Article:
20 Olympic greats

Ahead of the Games we pick some of the all-time top performers

Last Updated: 18/07/11 12:07pm

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Carl Lewis: Tops our list of Olympic greats

Carl Lewis: Tops our list of Olympic greats

Who are the fastest, highest and strongest of all time? Who deserves the ultimate accolade as the greatest Olympian? For the sake of debate in the build-up to Beijing, here is a shot at the 20 greatest Olympians, based on their medal hauls, toughness of opposition, profile of their event and impact in the history of sport's greatest festival.


Greatest Olympian of all time by whatever yardstick you apply. Brought speed, grace and technique to athletics for a decade and his eight gold medals, earned against the toughest of opposition, speak for themselves. At his first Olympics in Los Angeles in 1984 he won four golds at 100 metres, 200m, long jump and sprint relay. Won the 100m and long jump in 1988 and in 1992, after suffering a viral infection at the US trials, added another long jump and relay gold. Simply the best.


Opened gates of opportunity for the likes of Lewis and generations of black athletes. Owens' achievements at the 1936 Berlin Games cannot be underestimated. To the fury of Adolf Hitler, Owens lifted four golds in the 100m, 200m, sprint relay and long jump, single-handedly rendering the mighty Third Reich ridiculous. Measure of his phenomenon is that in 1935 he set six world records in one day and his long jump world record lasted for more than 25 years.


Many might argue that Redgrave, who won his fifth successive gold in Sydney 2000 in the coxless fours, is the greatest Olympian of all time and it is a phenomenal achievement of enduring class and stamina. But all his medals have come as part of a team and rowing does not produce the same intensity of opposition as some of the more high-profile events. As a sportsman, however, Redgrave is peerless - he even won the British Bobsled championship in 1989.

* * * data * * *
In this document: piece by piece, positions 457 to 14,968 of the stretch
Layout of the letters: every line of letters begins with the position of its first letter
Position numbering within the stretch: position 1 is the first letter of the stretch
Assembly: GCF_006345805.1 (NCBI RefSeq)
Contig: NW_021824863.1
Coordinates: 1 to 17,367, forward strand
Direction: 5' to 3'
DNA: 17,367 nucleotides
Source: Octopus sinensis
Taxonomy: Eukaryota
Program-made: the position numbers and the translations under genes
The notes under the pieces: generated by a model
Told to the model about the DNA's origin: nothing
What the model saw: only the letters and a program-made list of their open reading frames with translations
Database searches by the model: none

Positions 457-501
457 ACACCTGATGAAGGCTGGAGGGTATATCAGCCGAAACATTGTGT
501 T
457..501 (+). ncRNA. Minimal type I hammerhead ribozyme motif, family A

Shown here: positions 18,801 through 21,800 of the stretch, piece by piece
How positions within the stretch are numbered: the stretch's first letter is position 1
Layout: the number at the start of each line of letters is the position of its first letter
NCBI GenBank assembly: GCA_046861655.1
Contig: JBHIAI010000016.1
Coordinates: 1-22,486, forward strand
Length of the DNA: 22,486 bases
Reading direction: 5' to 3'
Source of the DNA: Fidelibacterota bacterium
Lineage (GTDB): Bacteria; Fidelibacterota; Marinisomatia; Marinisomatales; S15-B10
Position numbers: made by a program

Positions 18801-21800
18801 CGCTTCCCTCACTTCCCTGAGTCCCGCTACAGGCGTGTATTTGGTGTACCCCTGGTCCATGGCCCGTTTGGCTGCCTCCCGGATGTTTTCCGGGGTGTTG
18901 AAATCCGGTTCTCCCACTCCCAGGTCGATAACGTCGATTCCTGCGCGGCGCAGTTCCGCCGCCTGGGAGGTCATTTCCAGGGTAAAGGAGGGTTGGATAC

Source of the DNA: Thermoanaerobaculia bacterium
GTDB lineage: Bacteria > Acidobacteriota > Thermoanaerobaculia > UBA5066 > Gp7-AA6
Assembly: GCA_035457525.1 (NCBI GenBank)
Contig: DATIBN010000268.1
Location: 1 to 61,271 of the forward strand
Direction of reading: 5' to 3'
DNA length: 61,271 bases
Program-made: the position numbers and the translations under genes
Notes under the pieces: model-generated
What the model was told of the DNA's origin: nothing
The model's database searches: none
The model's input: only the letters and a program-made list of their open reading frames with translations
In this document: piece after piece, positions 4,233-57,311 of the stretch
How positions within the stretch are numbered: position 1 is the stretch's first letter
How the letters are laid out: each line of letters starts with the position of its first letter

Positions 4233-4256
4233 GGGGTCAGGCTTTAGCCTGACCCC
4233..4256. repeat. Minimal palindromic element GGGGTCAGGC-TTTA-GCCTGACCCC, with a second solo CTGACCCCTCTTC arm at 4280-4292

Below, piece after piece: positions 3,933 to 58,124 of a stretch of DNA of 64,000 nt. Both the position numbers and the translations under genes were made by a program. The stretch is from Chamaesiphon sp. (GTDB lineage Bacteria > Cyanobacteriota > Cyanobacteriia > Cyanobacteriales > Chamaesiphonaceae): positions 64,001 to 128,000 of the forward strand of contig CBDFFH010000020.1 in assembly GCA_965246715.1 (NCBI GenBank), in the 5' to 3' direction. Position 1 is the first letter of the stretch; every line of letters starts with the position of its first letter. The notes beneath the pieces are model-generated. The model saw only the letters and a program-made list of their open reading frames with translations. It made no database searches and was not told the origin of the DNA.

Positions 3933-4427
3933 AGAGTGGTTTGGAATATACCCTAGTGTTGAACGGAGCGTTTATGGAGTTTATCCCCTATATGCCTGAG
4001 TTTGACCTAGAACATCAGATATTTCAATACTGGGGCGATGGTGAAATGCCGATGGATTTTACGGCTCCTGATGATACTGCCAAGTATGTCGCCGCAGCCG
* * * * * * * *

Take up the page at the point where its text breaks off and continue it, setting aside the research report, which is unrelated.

Dominated distance running in the 1920s, winning a record nine Olympic golds and adding three silvers for a record total of 12 Games medals. No wonder they nicknamed him 'the Flying Finn'. His range was incredible, lifting the title at 1500m, 5000m, 10,000m, steeplechase and cross-country. Denied even more medals when the International Olympic Committee controversially dubbed him a professional. Carried the flame at the opening ceremony in 1952, receiving the biggest cheer of the Games.


Marathon man or masochist? This Czech army captain was the only man ever to win the 5,000m, 10,000m and marathon - the first time he had run the event - in the same Games in Helsinki in 1952. A phenomenal feat of long-distance running, which saw him destroy Britain's world record holder Jim Peters in the marathon. Ten minutes after his 5,000m triumph wife Dana won the javelin gold. In London four years earlier Zatopek had also won the 10,000m in a world record time, lapping all but two of the field.


No swimmer in history, not even Aussie phenomenon Ian Thorpe, was more deserving of the accolade 'champion of the world' than the flying machine from California. Aged 22 he won seven gold medals in four days at the Munich Olympics, all in world record times. He had vowed to make up for winning only two golds, a silver and a bronze, at Mexico in 1968. As he admitted "I was ruthless, cunning, deceitful, aggressive" - in short, the classic characteristics of a winner.


No-one perfected the art of peaking for athletic competition quite like the Finn. An ordinary performer throughout the year, he came alive at the Olympics, winning the double of 5,000m and 10,000m in 1972 and 1976. Devastating last-lap pace was his hallmark but he will also be remembered for his courage and tenacity, never better demonstrated than when he fell in his first 10,000m Olympic final in Munich, yet jumped up to win in a world record 27 minutes 38.35 seconds.


Only man to win successive gold medals in the 1500m. Would have been even higher in the list but for the fact that his first triumph came in the boycott-hit 1980 Games, where Coe missed out on his best distance of 800m to compatriot Steve Ovett but hit back days later with a masterly performance in the 1500m. Los Angeles 1984 saw Coe lead home fellow Britons Steve Cram with Ovett collapsing in the heat. Stylish, graceful, effortlessly commanding.


The afternoon Beamon almost leapt out of the Mexico City long jump pit will be remembered forever as arguably the single most fantastic feat in Olympic history. The American recorded a distance of 29 feet two-and-a-half inches to take gold at a time when no athlete had jumped further than 28ft. Devastated reigning champion Lynn Davies immediately accepted "That's too good for me." Beamon never again jumped over even 27ft but his record lasted 23 years, until finally surpassed by fellow American Mike Powell.